Tuesday, December 09, 2014

Triathlon becomes an emerging sport

Triathlon was approved earlier this year as the latest sport be added to the NCAA's list of emerging sports and it will begin its trial period in fall 2015. It had strong support from schools very interested in adding the program and was also bolstered by the existence of club teams already in existence.

As a reminder, the list of emerging sports is meant to grow the participation opportunities for female students. Emerging sports are listed as NCAA-approved, and thus can be counted towards Title IX calculations. The sport is given a period (10 years) in which to grow into championship status. Forty schools must implement the sport for this to happen (28 for DIII).

Some sports have been more successful than others in gaining championship status, but the process seems to assist at least in the process of figuring out which sports are viable. Two caveats, though.

One: as has been noted repeatedly in the research about women's participation in sports in the Title IX era, the addition of sports has mostly benefited white, middle class women. I don't see triathlon as changing that dynamic at all given the demographics of those who participate in the sport at the recreational and elite levels.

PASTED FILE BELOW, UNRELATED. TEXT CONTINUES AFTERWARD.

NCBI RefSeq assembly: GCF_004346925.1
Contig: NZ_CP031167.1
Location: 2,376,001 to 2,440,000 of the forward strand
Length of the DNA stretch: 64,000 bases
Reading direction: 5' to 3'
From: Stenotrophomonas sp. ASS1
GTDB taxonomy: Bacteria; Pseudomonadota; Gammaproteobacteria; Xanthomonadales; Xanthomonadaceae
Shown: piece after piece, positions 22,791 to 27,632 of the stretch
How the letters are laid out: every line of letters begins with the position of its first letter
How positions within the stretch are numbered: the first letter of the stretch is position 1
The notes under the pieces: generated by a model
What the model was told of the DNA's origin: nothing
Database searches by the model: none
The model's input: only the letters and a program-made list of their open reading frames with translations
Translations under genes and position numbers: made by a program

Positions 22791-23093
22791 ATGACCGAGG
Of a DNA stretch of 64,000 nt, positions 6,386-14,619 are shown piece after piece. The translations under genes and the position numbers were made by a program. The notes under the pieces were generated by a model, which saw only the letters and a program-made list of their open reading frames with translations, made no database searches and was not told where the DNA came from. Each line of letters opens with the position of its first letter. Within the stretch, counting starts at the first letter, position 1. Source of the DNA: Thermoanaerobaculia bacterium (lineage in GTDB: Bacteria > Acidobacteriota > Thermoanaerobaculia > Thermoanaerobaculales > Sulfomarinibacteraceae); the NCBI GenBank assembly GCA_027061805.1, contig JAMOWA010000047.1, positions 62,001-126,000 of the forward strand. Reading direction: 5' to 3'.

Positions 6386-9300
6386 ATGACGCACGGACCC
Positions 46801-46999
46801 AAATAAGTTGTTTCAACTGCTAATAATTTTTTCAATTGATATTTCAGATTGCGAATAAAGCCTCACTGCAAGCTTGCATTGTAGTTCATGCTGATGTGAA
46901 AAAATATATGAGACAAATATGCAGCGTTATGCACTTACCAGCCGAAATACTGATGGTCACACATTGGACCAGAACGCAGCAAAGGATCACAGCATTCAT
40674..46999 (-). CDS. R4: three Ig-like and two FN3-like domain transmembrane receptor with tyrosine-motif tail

Two: the emerging sport may not make it to championship status because it does not have enough promotion by a national governing body or other interested parties. In other words, it may fail because of lack of information, not necessarily interest.

USA Triathlon is addressing the second issue (and perhaps, by extension, the first?) by putting money into programs that begin triathlon programs. The group makes so much money off of adult participants that is pushing some of these funds into college programs via $2.6 million in grants. Interested schools will fill out an application. USA Triathlon will award 20 grants in total among all three divisions. 20 grants among schools in all three NCAA divisions. Division I teams will be eligible for up to $140,000 over four seasons. Division II and III schools, up to $70,000.

It is not a large amount of money, but it could provide some incentives to schools interested in trying out the sport.